Defective Premises (Landlord's Liability) (Northern Ireland) 2001
2001 CHAPTER 10
1.These explanatory notes relate to the Defective Premises (Landlord’s Liability) Act (Northern Ireland) 2001. They have been prepared by the Department of Finance and Personnel in order to assist the reader in understanding the Act. They do not form part of the Act and have not been endorsed by the Assembly.
2.The notes need to be read in conjunction with the Act. They do not, and are not meant to be, a comprehensive description of the Act. So where a section or part of a section does not seem to require any explanation or comment, none is given.
Background and Policy Objectives
Background to the proposals
3.The Defective Premises (Landlord’s Liability) Act (Northern Ireland) 2001 represents a development of the existing law and implements the recommendations of the Law Reform Advisory Committee’s report on the subject (Report no.7, 1998). In its report the Committee concluded that landlords enjoy a degree of immunity stemming from the House of Lords decision in Cavalier -v- Pope  AC 428. It felt that whilst this “immunity” was limited by section 4(1) of the Occupiers’ Liability Act (Northern Ireland) 1957, the law in Northern Ireland had not developed in the same manner as in England and Wales where the landlord’s liability was extended to include those who might reasonably be expected to be affected by defects in the premises (section 4 of the Defective Premises Act 1972).
4.Although the Defective Premises Act 1972 was mirrored in Northern Ireland by the Defective Premises (Northern Ireland) Order 1975, the provision regarding a landlord’s liability for failure to repair defective premises was omitted. The premier reason given at the time for this omission was due to the high number of bomb damaged
and derelict properties in Northern Ireland, the imposition of this further liability would be too onerous a burden for many landlords.
5.The Law Reform Advisory Committee’s consultations revealed that there had been a major improvement in the quality of housing stock in Northern Ireland and substantial redevelopment in poorer areas, principally undertaken by the Northern Ireland Housing Executive. This coupled with the greatly reduced threat of terrorist bombings and the continued availability of grants to improve housing led the Committee to recommend that legislation should be introduced along similar lines to that currently existing in England and Wales.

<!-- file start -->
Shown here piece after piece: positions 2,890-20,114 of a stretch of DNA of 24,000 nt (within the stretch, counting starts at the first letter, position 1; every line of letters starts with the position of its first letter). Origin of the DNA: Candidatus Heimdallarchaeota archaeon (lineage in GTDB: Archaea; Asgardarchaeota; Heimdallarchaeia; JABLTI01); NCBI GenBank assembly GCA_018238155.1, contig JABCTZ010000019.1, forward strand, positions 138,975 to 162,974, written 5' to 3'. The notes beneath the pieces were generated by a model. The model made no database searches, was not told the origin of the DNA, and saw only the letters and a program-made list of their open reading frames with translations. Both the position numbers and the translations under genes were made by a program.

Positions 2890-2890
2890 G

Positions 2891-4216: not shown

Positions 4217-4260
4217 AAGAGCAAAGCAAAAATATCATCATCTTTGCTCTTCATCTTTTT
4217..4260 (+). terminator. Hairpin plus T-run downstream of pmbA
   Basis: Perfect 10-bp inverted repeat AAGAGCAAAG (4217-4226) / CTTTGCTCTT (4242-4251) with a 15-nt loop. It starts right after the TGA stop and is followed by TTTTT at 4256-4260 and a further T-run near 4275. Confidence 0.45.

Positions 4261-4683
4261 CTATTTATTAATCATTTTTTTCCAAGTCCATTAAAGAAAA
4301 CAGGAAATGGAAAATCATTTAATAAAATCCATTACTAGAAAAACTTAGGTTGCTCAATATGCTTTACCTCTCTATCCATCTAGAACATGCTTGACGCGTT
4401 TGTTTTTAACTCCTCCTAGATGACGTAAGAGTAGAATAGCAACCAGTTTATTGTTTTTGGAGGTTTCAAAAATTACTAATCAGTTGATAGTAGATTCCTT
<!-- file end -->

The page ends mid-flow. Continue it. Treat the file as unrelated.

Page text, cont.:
Purpose of the Bill and summary of its main provisions
6.The Defective Premises (Landlord’s Liability) Act (Northern Ireland) 2001 gives effect to the recommendations of the Law Reform Advisory Committee for Northern Ireland.
7.The main feature of the Act will be to impose a duty of care upon a landlord to all persons who might be reasonably expected to be affected by defects in the state of his premises. This provision will replace the existing limited statutory claim available against the landlord to the tenant’s lawful visitors as expressed under section 4 of the Occupiers’ Liability Act (Northern Ireland) 1957. It may thus cover lawful visitors, the tenant, passers-by, neighbouring occupiers and their families and guests.
8.The duty of care owed by the landlord will apply if the landlord knows of the defect or if he ought to know of it in all the circumstances. A relevant defect is one which arises due to the actions of the landlord which amounts to a breach of his obligation to a tenant for the maintenance or repair of the premises. The duty is extended further by the removal of the requirement of an obligation to repair by providing that the landlord is under a duty either where he has undertaken to do repairs or where he has a right, express or implied, to carry out maintenance and repair.
9.Several types of landlords will be exempt from the proposed reforms. The Law Reform Advisory Committee’s consultations revealed that landlords holding restricted or regulated tenancies (within the meaning of the Rent (Northern Ireland) Order 1978) would face an onerous duty if the legislation was applied to them. The level of recoverable rents in relation to such tenancies led the Committee to recommend that they should be exempted from duty. In addition, it recommended that owners of ground rents or nominal rents be exempted, as they do not maintain the same degree of economic interest or control in the premises as in the usual landlord-tenant relationship.